UCAS code: VL12
Programme requirement: A level History is not a requirement
Usual standard offer: A level: grades A A A
International Baccalaureate: Diploma with 38 points including 7 6 6 at Higher level
Other qualifications are considered
For further details see lse.ac.uk/ug/apply/inh
Applications 2014: 376
First year students 2014: 29
This joint honours degree allows you to combine historical studies with contemporary and theoretical studies in international relations.
Either Foreign Policy Analysis or International Organisations (whichever was not taken in the second year)
A further international relations option
Document based special subject in international history
One international history option (may include dissertation) or international relations option or one outside option
Please note that not every course is available each year and that some courses may only be available with the permission of the course convenor and/or may be subject to space.
You can find the most up-to-date list of optional courses in the Programme Regulations section of the current School Calendar.
You must note however that while care has been taken to ensure that this information is up to date and correct, some circumstances may cause the School to subsequently change, suspend or withdraw a course or programme of study, or change the fees that apply to it. The School will neither be liable for information that after publication becomes inaccurate or irrelevant, nor for changing, suspending or withdrawing a course or programme of study due to circumstances outside of its control. You must also note that places are limited on some courses and/or subject to specific entry requirements. The School cannot therefore guarantee places on its courses. You should visit the School’s Calendar, or contact the relevant academic department, for information on the availability and/or content of courses and programmes of study. Certain substantive changes will be listed on the updated undergraduate course and programme information page.
Concepts of International Society is an examination of the theories and concepts designed to explain the nature of contemporary international relations. International History since 1890 is the history of international relations from the 1890s through the 1990s. Your final two options are chosen from From Empire to Independence and Faith, Power, and Revolution or from the wide range offered by other departments at LSE, including language courses. From Empire to Independence: The Extra European World in the 20th Century is an introductory survey of events outside Europe in the twentieth century. Faith, Power and Revolution: Europe and the Wider World, c1500-1800 provides an introduction to the international history of the early modern period by examining the complex relationships between Europe and the wider world, including Jews and Muslims.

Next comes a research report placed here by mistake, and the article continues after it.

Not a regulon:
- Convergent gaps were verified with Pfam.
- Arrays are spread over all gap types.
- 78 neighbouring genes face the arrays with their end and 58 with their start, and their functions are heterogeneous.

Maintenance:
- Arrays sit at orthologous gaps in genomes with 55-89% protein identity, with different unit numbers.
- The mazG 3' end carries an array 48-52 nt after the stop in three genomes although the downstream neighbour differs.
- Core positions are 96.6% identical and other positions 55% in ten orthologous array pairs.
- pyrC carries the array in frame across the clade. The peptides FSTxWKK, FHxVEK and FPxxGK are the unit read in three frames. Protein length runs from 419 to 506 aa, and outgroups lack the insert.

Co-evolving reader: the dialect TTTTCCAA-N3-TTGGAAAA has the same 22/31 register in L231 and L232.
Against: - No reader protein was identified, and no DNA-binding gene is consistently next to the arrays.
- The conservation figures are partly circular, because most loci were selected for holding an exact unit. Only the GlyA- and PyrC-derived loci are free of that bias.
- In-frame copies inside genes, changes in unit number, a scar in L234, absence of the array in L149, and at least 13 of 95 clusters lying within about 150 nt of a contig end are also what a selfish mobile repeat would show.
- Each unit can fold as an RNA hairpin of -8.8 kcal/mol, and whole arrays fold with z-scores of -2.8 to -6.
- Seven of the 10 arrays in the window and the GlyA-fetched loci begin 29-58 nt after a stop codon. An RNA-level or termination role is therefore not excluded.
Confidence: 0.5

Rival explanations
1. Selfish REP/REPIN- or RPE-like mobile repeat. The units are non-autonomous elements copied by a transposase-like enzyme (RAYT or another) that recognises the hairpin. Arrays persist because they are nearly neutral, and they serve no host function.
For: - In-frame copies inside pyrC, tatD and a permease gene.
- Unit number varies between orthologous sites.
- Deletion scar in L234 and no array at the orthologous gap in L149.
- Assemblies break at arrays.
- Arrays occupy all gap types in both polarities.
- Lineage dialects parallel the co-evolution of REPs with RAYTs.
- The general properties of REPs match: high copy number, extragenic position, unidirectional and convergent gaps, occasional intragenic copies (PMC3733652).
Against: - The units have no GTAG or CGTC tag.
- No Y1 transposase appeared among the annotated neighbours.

Second and third years
In the second year you take the compulsory course International Political Theory. Additionally you take a core course in international relations (Foreign Policy Analysis or International Organisations), and courses in international history. International Political Theory is the core subject for specialists in international relations. It consists of a survey, in two parts, of thinking about international relations, with emphasis on the political aspects. Foreign Policy Analysis offers various theoretical perspectives on foreign policy, and the means of conduct of the main actors in the international system towards each other. International Organisations explores major theoretical and empirical aspects of the role of international organisations in international politics. You also take two modern history international options.
In the third year, you take Foreign Policy Analysis or International Organisations, whichever you did not take in the second year, a further international relations course, one of the document based special subjects in international history and a further course in either subject (this may include a dissertation in history) or from another department.